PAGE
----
Working like a lunatic this week, two shows opening at PS 122 next week (both of which every one of you will come to early with nine friends in tow, I trust) and beginning work on the stage adaptation of Midnight Cowboy which I just got hired to direct at the Edinburgh Fringe in August. Hot, frantic, strange few days.
A few thoughts on this League:
Some folks have talked about a physical site being important, a venue with rehearsal space, maybe a place with more than one stage. I like the idea, naturally, but every physical space eventually evolves into a clubhouse with some people on the inside and others knocking at the door. No way around that. So I think a physical location is important, in fact, some actual office space at the very least is essential, but thinking broadly, how about an organization that as part of its mission works to create new spaces, working with realtors, donors, merchants and politicians? Organized sweat equity, long-term neighborhood preservation or neighborhood development, etc. That's one concrete thing the League could work towards that no other organization I'm aware of has as a stated goal. And it's something that makes success verifiable, at the end of a year you could say this much square footage was created or acquired for small theatre artists, these many new affordable rehearsal halls were built, this many performance spaces were found.
Riffing off someone else's idea in one of the comments, how about an organization that works with local colleges and universities to train and place administrative, technical and creative interns with small theatres? So it's not just the random eager or not-so-eager kid hanging around getting in the way, it's someone who's gone through a process familiarizing her with the environment and even the particular Off-Off or indie theater she'll be working in. Same wing of the League could work to organize those sought-after group sales with a theater class that can make an iffy early Wednesday show into a solid, rowdy audience.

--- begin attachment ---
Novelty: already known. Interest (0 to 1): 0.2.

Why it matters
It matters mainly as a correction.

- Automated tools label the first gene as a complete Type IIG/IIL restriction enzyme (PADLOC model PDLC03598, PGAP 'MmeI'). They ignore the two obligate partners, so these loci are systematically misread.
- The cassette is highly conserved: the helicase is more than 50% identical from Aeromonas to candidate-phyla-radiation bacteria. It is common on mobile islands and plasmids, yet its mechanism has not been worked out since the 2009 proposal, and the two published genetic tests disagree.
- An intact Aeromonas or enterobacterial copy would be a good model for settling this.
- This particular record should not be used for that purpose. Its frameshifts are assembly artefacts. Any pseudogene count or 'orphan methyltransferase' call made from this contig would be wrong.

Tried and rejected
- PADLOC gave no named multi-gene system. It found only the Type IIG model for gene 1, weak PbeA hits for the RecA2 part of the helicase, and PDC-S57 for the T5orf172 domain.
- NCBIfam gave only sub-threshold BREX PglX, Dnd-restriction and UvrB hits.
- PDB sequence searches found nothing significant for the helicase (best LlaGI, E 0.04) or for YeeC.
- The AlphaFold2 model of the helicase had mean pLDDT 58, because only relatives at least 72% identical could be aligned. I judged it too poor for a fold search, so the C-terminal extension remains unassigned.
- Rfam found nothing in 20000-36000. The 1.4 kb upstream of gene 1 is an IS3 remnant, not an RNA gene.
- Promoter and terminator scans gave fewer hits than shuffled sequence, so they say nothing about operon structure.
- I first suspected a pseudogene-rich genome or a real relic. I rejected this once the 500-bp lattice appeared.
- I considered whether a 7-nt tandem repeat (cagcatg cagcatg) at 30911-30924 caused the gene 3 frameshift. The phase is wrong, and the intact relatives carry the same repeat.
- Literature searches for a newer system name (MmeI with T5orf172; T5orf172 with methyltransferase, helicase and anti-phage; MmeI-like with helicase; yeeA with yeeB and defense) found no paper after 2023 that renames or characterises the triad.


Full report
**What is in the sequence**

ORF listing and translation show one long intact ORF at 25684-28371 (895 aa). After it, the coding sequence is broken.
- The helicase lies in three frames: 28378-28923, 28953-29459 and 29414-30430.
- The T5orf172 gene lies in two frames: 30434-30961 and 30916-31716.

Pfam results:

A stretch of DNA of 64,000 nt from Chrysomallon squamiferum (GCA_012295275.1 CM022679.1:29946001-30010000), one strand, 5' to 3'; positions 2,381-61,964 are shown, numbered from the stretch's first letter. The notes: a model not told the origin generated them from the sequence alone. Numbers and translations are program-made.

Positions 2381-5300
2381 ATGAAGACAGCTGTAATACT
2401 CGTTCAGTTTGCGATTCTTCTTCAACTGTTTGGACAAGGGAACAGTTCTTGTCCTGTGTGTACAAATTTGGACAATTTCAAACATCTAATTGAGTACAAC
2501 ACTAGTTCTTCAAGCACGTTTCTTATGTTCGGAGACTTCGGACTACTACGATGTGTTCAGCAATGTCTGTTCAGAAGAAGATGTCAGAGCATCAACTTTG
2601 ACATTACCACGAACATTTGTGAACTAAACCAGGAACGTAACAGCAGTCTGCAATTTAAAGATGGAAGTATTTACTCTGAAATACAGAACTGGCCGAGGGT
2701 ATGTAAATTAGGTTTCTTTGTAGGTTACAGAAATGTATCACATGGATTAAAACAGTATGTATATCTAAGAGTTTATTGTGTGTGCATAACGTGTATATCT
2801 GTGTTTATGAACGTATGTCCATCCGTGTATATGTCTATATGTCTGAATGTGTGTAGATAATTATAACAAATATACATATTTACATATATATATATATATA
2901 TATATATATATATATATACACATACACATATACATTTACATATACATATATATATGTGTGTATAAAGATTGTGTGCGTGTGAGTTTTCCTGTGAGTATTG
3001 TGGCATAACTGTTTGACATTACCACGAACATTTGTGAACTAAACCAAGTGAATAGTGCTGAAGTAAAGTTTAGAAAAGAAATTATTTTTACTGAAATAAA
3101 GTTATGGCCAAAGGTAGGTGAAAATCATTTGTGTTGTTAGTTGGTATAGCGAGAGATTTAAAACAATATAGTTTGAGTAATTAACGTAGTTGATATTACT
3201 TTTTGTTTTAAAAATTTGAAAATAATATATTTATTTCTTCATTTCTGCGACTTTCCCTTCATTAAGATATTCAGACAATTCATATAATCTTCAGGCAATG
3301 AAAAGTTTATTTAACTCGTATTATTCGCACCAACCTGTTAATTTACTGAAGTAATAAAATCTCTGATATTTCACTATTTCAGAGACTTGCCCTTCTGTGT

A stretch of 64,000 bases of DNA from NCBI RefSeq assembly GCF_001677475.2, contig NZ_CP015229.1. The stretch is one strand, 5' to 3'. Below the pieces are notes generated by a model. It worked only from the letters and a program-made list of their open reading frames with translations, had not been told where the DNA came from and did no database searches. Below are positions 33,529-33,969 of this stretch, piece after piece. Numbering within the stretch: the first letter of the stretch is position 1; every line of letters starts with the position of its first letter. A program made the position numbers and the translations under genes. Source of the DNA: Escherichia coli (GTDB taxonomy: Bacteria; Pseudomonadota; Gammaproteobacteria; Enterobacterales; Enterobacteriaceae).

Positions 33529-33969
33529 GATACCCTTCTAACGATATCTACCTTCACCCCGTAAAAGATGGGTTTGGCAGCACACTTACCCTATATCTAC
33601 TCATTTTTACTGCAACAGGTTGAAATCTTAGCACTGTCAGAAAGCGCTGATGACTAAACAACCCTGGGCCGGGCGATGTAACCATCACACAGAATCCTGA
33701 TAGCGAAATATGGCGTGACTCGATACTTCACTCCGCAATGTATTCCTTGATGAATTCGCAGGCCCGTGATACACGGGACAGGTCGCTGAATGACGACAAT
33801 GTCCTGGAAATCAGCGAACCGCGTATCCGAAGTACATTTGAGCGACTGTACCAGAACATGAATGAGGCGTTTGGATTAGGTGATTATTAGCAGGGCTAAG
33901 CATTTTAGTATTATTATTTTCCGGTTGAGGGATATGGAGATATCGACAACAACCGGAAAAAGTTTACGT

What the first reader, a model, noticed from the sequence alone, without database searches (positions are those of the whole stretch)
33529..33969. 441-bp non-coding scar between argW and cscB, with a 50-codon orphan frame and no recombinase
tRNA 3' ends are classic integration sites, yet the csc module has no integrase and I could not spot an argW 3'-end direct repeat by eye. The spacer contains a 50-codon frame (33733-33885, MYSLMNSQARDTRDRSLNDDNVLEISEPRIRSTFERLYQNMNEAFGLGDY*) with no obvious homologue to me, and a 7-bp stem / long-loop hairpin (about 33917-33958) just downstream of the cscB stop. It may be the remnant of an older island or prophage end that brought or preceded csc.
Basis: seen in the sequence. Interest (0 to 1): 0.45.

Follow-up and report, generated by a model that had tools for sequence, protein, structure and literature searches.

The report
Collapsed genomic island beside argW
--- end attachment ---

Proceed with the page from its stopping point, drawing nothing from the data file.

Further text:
And another goal is to work consistently and ferociously with the local, state and federal government to preserve the cultural eco-system of which we are the key. Simple recognition of that fact and recognition that it's an organized community, not just a lot of individual artists, is the first step towards financial support of that community.
What do you think?
Come see the shows. Midnight Cowboy onstage, that's pretty strange, right? And most importantly, who's got free rehearsal space for me on Friday and Saturday afternoon? And a couch for Americana Absurdum.